Why Cholines May Be the Most Important Nootropic You Take

There are currently seven known types of nootropics: racetams, ampakines, Vitamin B derivatives, peptides, ampakines, natural nootropics, smart drugs, and choline nootropics. This article will explain what choline nootropics are, how they work, and why they are so important. We will also discuss the current evidence that suggests more people are deficient of this essential nutrient than what was previously thought.

What is Choline?

Choline is a natural substance that is necessary for the brain’s neurotransmitters to function. It’s also needed for lipid transport as well as maintaining cell structure and cell membrane signaling function.

Our bodies produce this chemical naturally, but we can develop a deficiency due to both external and genetic causes. This makes it difficult to select a specific dietary recommendation for choline. Since individual requirements are so varied, a recommended adequate intake is advised instead.

According to the Linus Pauling Institute, the recommended intake of choline is 425 mg per day for women and 550 mg per day for men. Pregnant women are one segment of the population that should pay particular attention to their choline intake as it is vital for fetal brain and spine development. Remember to always consult a licensed medical provider before taking supplements while pregnant.

What Are the Symptoms of Choline Deficiency?

The medical community has conducted in-depth studies on choline deficiency in adult men and women. The results showed that patients with induced choline deficiency developed a form of liver disease called nonalcoholic fatty liver disease.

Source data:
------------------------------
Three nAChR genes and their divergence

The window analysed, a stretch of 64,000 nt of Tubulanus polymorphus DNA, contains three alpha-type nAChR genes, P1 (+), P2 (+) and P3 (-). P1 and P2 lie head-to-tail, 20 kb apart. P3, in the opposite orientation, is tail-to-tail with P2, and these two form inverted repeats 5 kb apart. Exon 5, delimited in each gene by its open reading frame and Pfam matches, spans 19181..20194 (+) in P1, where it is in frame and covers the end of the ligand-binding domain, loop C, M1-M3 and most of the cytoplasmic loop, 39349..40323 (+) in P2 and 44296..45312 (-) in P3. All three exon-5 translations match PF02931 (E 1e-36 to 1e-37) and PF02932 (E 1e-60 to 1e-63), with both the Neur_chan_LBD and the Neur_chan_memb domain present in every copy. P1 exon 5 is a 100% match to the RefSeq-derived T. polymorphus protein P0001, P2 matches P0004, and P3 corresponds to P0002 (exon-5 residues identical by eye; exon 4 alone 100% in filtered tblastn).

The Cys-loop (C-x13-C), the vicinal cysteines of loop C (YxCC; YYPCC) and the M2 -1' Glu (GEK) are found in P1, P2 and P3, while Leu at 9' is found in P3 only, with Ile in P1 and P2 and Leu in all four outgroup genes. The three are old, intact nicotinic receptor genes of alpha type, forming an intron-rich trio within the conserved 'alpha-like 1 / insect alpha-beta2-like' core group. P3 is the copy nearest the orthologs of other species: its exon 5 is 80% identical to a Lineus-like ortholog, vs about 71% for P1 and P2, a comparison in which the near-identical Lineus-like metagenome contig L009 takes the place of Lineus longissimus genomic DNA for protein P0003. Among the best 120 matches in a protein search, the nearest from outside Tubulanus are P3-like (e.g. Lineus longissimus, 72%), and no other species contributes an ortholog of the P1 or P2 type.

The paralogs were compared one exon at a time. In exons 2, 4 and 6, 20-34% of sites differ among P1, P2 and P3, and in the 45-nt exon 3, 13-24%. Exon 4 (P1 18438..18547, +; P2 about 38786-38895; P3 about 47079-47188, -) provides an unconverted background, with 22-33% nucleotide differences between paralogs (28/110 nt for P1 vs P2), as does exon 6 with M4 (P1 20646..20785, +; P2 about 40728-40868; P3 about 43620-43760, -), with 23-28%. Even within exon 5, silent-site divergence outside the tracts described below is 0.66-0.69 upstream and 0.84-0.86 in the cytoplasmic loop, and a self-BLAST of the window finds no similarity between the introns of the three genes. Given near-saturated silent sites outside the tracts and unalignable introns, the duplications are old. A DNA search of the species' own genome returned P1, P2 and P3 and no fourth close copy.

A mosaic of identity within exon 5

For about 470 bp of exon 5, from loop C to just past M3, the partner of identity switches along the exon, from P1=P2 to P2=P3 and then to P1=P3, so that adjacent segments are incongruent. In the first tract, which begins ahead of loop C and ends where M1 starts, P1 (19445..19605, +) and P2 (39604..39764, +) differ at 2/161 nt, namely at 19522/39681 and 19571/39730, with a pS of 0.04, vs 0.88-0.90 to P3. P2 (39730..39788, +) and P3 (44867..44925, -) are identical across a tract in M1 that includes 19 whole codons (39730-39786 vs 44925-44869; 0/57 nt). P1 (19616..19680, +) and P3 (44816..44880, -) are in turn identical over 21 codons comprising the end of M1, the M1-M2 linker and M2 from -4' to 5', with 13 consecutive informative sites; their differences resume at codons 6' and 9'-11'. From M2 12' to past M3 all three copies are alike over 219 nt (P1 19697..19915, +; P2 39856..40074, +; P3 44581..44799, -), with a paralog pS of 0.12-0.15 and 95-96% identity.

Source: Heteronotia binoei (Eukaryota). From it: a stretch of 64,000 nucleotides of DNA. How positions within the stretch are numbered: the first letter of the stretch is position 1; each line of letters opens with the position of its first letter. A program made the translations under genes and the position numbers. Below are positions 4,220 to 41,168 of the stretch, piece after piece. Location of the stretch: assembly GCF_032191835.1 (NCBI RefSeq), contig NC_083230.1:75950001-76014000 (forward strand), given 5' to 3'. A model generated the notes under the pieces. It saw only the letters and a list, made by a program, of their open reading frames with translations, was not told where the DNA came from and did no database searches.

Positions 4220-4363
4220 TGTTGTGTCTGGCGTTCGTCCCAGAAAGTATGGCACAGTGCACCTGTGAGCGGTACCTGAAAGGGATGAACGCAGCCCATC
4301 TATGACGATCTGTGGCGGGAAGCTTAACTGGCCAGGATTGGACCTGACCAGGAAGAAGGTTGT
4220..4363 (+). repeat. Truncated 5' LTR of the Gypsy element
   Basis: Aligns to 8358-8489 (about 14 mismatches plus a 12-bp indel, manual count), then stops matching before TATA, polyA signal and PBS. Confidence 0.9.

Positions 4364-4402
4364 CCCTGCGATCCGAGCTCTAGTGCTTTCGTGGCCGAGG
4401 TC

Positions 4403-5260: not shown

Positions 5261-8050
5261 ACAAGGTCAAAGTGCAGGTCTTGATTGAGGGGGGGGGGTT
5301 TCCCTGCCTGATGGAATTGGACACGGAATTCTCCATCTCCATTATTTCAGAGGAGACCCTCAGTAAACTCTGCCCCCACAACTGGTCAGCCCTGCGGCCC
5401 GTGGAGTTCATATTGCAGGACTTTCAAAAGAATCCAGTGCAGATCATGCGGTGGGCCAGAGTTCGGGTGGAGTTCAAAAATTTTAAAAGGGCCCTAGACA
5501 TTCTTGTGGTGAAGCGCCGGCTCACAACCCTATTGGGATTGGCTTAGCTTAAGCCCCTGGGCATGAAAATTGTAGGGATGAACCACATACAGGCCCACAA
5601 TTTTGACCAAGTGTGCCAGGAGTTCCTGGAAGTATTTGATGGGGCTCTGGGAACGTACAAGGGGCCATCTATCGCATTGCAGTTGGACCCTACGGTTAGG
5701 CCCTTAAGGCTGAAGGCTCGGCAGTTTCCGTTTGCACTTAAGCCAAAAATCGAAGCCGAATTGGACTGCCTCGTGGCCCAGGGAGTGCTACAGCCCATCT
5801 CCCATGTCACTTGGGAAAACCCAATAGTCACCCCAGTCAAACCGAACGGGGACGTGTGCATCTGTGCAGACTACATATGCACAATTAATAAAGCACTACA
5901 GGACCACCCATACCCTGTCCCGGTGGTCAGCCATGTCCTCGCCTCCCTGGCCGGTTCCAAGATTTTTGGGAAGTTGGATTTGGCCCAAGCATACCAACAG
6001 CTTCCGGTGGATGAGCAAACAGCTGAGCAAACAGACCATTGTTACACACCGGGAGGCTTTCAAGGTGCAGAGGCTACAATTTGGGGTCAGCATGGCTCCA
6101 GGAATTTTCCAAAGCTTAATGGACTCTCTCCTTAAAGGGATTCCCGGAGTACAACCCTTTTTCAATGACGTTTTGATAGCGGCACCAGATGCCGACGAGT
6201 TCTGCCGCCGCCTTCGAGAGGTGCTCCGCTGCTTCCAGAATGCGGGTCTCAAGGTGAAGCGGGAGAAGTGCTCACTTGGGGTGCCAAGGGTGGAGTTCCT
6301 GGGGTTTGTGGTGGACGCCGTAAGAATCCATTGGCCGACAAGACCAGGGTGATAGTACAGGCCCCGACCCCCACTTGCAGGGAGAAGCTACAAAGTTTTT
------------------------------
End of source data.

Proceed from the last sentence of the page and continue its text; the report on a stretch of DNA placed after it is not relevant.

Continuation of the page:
Nonalcoholic fatty liver disease is associated with many of the health problems plaguing Americans today, including but not limited to:

  • chronic obesity
  • lipid disorders
  • high blood pressure
  • insulin resistance
  • a remarkable increase in cirrhosis and liver cancer


When the medically induced choline deficiency was reversed with the administration of choline, the damage was reversed.

How Choline Helps Our Brains

Choline is vital to our brain functioning as well—so vital in fact that if it’s absent during fetal development, neural tube defects become a very serious risk. On the other end of the spectrum, studies have shown that choline supplementation during fetal development improves performance for spatial memory tests even months after it’s no longer being consumed.

While research is ongoing regarding the effects of choline supplementation in older adults, there have been many positive studies that show improvements. For instance, a positive correlation was found between dietary intake of choline and verbal and visual memory test results.

Is it Possible to Take Too Much Choline?

Yes, it is. Intakes of greater than 7,500 mg of choline can cause:

  • a drop in blood pressure
  • gastrointestinal problems
  • sweating

For these reasons, it’s best to keep intake under the tolerable level of 3,500 mg per day.

The effectiveness of choline as a smart drug is still being studied, but it’s undeniable that we can suffer serious health effects if we don’t get enough of this nutrient. Both the physical and developmental effects of choline deficiency are readily apparent in the American population.

Obesity is rampant, fatty liver disease could soon overtake alcoholic liver disease, and millions of Americans suffer from diabetes. Choline supplementation will very likely not solve these problems alone, but because of emerging research, many are arguing that we can’t solve the problem without choline either.

The ramifications of choline deficiency are clear, and many are moving forward with supplementation as scientists continue their research. Those who are interested in learning more about choline and its benefits can visit Nootropics Expert for in-depth research and discussion on this nootropic supplement.


Image courtesy of [suphakit73] at FreeDigitalPhotos.net

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